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ComputingCStdio.h

fdopen

Stream open functions
+ View other versions (3)

Interface

#include <stdio.h>
FILE fopen (const char * restrict path, const char * restrict mode)
FILE fdopen (int fildes, const char *mode)
FILE freopen (const char *path, const char *mode, FILE *stream)

Description

The fopen function opens the file whose name is the string pointed to by path and associates a stream with it.

The argument mode points to a string beginning with one of the following sequences (Additional characters may follow these sequences.):
r Open text file for reading. The stream is positioned at the beginning of the file.
r+ Open for reading and writing. The stream is positioned at the beginning of the file.
w Truncate file to zero length or create text file for writing. The stream is positioned at the beginning of the file.
w+ Open for reading and writing. The file is created if it does not exist, otherwise it is truncated. The stream is positioned at the beginning of the file.
a Open for writing. The file is created if it does not exist. The stream is positioned at the end of the file. Subsequent writes to the file will always end up at the then current end of file, irrespective of any intervening reference:fseek or similar.
a+ Open for reading and writing. The file is created if it does not exist. The stream is positioned at the end of the file. Subsequent writes to the file will always end up at the then current end of file, irrespective of any intervening reference:fseek or similar.

The mode string can also include the letter ``b'' either as a third character or as a character between the characters in any of the two-character strings described above. This is strictly for compatibility with and has no effect; the ``b'' is ignored.

Any created files will have mode "S_IRUSR | S_IWUSR | S_IRGRP | S_IWGRP | S_IROTH | S_IWOTH" (0666 as modified by the process' umask value (see umask).

Reads and writes may be intermixed on read/write streams in any order, and do not require an intermediate seek as in previous versions of stdio. This is not portable to other systems, however; ANSI C requires that a file positioning function intervene between output and input, unless an input operation encounters end-of-file.

The fdopen function associates a stream with the existing file descriptor, fildes. The mode of the stream must be compatible with the mode of the file descriptor. When the stream is closed via fclose, fildes is closed also.

The freopen function opens the file whose name is the string pointed to by path and associates the stream pointed to by stream with it. The original stream (if it exists) is closed. The mode argument is used just as in the fopen function.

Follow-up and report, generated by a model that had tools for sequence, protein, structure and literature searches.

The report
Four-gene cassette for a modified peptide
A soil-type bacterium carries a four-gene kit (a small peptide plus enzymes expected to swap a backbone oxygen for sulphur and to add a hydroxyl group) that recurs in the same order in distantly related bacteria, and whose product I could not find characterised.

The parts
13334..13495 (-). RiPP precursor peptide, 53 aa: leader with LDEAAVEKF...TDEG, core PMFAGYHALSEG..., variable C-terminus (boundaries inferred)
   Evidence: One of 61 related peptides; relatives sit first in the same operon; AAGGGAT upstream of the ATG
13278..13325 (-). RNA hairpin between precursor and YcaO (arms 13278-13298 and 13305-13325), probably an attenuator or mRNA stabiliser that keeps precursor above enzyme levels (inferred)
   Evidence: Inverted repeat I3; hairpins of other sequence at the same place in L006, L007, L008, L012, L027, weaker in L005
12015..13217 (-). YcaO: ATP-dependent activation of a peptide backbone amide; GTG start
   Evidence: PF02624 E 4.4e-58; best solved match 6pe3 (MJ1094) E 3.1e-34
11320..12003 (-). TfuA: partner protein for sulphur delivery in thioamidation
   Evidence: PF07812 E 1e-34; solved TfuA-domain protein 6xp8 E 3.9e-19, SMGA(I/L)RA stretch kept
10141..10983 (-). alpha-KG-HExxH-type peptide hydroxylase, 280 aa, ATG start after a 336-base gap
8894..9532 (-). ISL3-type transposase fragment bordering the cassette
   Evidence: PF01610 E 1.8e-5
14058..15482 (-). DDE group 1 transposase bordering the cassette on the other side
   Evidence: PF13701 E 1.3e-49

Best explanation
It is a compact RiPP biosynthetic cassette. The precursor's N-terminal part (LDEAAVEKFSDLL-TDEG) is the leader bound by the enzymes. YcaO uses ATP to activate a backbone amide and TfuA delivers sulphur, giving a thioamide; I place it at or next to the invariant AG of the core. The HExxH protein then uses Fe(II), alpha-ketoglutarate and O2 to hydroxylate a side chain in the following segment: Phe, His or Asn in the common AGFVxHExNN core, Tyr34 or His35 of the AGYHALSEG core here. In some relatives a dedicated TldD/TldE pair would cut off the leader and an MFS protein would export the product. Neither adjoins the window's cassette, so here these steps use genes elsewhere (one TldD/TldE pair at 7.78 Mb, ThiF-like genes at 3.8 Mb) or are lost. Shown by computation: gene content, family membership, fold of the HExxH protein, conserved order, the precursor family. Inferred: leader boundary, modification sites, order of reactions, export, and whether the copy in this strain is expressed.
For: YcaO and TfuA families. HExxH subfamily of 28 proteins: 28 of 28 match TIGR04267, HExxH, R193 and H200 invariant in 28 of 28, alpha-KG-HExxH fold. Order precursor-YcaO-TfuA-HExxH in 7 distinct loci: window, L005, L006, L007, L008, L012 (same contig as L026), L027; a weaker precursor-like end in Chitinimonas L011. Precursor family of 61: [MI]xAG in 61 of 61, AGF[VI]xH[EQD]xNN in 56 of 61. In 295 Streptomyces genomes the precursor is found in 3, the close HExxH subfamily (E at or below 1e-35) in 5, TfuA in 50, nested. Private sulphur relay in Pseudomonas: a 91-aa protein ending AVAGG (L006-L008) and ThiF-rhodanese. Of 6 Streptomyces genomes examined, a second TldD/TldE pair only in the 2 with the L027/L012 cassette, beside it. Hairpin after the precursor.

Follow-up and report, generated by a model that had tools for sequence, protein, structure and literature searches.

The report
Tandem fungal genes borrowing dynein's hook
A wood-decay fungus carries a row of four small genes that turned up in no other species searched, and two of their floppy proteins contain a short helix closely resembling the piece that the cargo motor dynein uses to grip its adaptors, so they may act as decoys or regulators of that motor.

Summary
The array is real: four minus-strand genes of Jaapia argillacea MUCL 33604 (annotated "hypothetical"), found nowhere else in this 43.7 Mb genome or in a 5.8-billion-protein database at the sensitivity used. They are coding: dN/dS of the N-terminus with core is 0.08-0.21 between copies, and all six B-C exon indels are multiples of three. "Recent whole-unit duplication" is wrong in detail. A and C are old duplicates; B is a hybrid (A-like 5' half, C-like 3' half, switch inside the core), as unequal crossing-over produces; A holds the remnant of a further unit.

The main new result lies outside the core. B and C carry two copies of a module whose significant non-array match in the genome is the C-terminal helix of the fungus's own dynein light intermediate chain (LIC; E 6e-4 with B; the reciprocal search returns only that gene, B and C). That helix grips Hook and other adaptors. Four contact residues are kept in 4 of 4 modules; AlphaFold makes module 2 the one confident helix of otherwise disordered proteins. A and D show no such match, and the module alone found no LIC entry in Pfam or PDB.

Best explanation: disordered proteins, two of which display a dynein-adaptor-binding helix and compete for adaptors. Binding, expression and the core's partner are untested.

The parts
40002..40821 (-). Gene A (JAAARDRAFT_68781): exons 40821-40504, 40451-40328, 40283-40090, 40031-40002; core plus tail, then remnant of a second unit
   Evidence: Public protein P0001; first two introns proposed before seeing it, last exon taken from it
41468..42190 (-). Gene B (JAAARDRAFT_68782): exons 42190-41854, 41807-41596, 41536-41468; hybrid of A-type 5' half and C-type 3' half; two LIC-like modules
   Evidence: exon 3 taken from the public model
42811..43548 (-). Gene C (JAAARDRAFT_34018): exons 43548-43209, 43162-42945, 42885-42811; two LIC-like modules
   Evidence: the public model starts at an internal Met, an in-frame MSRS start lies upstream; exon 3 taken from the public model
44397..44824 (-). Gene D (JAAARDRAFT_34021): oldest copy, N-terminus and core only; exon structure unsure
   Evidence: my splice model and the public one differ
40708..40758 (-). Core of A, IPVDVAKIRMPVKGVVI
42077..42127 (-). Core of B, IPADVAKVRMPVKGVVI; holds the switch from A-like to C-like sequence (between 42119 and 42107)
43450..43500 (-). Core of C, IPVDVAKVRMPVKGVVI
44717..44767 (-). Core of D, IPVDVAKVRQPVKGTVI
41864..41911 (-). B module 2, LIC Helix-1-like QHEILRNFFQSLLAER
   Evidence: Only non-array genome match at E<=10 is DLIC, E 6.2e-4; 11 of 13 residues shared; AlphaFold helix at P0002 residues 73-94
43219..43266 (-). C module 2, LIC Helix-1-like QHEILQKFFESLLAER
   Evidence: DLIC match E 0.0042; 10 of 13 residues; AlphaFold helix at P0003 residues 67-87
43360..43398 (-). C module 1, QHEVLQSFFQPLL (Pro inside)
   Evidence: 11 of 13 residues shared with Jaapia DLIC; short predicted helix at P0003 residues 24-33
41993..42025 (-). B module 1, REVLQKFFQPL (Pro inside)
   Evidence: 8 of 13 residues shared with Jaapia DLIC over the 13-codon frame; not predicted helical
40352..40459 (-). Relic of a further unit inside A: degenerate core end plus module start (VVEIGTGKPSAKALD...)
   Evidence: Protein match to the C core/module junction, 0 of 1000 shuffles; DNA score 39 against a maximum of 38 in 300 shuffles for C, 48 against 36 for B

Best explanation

If the path argument is NULL, freopen attempts to re-open the file associated with stream with a new mode. The new mode must be compatible with the mode that the stream was originally opened with:

  • Streams originally opened with mode "r" can only be reopened with that same mode.
  • Streams originally opened with mode "a" can be reopened with the same mode, or mode w.
  • Streams originally opened with mode "w" can be reopened with the same mode, or mode a.
  • Streams originally opened with mode "r+", "w+", or "a+" can be reopened with any mode.

The primary use of the freopen function is to change the file associated with a standard text stream (stderr, stdin, or stdout).

The code below attempts to open the text file "fred.txt" in the current directory and read each character in it until the EOF symbol is encountered. The fopen function has been used to open the file.

Example:

Example - Stream open functions
Workings
#include <stdio.h>
int main()
{
  FILE *in;
  if (in = fopen("fred.txt", "rt"))
  {
    for (char c; !feof(in); fscanf(in, "%c", &c));
    fclose(in);
  }
  return 0;
}

Return Values

Upon successful completion fopen, fdopen and freopen return a FILE pointer. Otherwise, NULL is returned and the global variable errno is set to indicate the error.

Errors

EINVAL The mode argument to fopen, fdopen or freopen was invalid.

The fopen, fdopen and freopen functions may also fail and set errno for any of the errors specified for the routine reference:malloc.

The fopen function may also fail and set errno for any of the errors specified for the routine open.

The fdopen function may also fail and set errno for any of the errors specified for the routine fcntl.

The freopen function may also fail and set errno for any of the errors specified for the routines open, fclose and fflush.